Queensland coach Richard Graham has declared Quade Cooper's spring tour form his ''best yet'' at test level and expects the playmaker to bring his red-hot game to bear on the Reds this year.
Fresh from a summer sojourn in the boxing ring, Cooper is in line to make his return to the Reds No 10 jersey in the team's important trial match against defending champions the Chiefs in Toowoomba this weekend.
Graham watched the five-eighth closely during the Wallabies' disappointing Rugby Championship campaign and was delighted with Cooper's return to sizzling form during their five-game tour of the northern hemisphere in November.
''It was, I think, clearly his best yet at international level,'' he said. ''I thought [his performances] were superb, particularly as they were produced in a fairly intense period, having had a change of coach and the results they achieved early in the Rugby Championship.
''As a coach you hope players take confidence from those periods and that it's a catalyst for something special this season.''
As trials go, this weekend's clash with the most dominant team in the competition for the past two years promises to be a benchmark indicator for what is in store in Super Rugby this season.
Cooper's return to the line up alongside playmaking partner Will Genia and captain James Horwill will boost a side in transition under a new head coach.
''It's important for us to find a good standard at the trial where we can test ourselves and the work we have done through pre-season,'' Graham said. ''I think you'd expect a really good quality of rugby. You have to take into account that it's the first of the pre-season fixtures, so you're not going to get the finished product, but you're going to get a good insight into how both teams are going to play this season.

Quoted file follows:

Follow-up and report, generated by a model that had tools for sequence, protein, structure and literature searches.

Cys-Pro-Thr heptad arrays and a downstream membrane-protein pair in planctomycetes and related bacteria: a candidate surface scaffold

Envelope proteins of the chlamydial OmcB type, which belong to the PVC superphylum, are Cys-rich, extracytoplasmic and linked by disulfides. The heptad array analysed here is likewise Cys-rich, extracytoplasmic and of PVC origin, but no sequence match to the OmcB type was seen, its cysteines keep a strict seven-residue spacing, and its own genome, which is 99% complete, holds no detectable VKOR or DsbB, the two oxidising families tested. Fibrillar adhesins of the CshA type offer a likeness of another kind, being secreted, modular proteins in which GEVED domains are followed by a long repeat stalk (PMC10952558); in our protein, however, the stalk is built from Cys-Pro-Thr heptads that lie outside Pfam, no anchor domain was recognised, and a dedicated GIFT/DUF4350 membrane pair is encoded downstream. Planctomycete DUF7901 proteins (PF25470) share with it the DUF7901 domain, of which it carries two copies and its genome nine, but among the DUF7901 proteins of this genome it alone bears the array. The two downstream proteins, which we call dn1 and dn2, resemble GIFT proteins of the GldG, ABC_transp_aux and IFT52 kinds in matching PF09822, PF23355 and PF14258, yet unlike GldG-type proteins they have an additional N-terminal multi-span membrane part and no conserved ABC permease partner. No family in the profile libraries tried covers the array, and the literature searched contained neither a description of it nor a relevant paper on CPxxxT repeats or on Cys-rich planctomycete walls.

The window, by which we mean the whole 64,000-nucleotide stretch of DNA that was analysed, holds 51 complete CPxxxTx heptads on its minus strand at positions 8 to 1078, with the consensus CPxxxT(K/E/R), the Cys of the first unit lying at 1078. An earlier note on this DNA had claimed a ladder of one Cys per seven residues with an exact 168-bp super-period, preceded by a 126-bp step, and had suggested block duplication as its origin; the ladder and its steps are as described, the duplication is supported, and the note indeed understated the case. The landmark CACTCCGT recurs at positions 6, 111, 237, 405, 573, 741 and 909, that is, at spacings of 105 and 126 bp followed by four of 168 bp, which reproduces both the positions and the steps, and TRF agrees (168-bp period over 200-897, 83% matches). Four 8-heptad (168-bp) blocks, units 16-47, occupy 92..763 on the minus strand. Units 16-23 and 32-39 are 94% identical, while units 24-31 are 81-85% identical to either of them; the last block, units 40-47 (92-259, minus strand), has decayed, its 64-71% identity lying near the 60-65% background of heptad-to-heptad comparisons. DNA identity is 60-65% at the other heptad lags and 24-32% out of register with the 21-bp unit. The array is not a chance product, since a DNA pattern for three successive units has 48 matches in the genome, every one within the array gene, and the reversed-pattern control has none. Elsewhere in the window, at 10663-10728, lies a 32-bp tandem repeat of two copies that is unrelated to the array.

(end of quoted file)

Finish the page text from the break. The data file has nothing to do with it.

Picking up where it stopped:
''For us, we've got strong aspirations and [the Chiefs] are the two-time defending champions, so it will be a good match up.''
Graham and his assistants - forwards coach Nick Stiles and attack coach Steve Meehan - are under pressure this year to reinforce the brand of attacking rugby the Reds became known for under their previous coach Ewen McKenzie.
Despite making the finals for the third season running last year with a style of play that produced Super Rugby's second-best defensive record, tries were slim on the ground. The Reds produced fewer tries than all but three other outfits in the 15-team competition.
Australian rugby's traditional entertainers could be suffering from the same blight as the Waratahs and even Wallabies before them: too much kicking, too few five-pointers.
''You devise a game around the players you have around in your squad,'' Graham said. ''Philosophically, I'd like to think people will still see the Reds running the ball and innovating in front of packed out crowds, but there's always going to be changes when there's changes in staff.
''We'll be working hard to make sure we can score a few more tries than last year.''
But the new man in charge - Graham looked after Queensland's defence while McKenzie presided over his final season at Ballymore - wants the hard numbers to be kept in perspective.
''The Stormers have never been recognised as an attacking side but continue to challenge in semis and finals whilst they've been criticised, and for a third successive season we've been in a finals series,'' he said.
''People will say the Waratahs had a certain perception for a long period of time and Michael Cheika did a good job of turning that around last year, but perception and reality aren't always the same thing. I don't think anyone would have walked away from a Reds game [last year] and said that was boring. The team's ability to play an expansive game was still apparent.''
Statistics aside, there is no doubt the recent Test form of squad leaders including Cooper, Genia, Horwill and prop James Slipper will boost a side eager to scale the heights of 2011 again.
''Any time players can go to an international level and contribute the way those guys did [for the Wallabies] last year - even for a guy like [young winger] Chris Feauai-Sautia to go on that tour and play in a Test match - the confidence that instills in the group is significant.''
- Sydney Morning Herald
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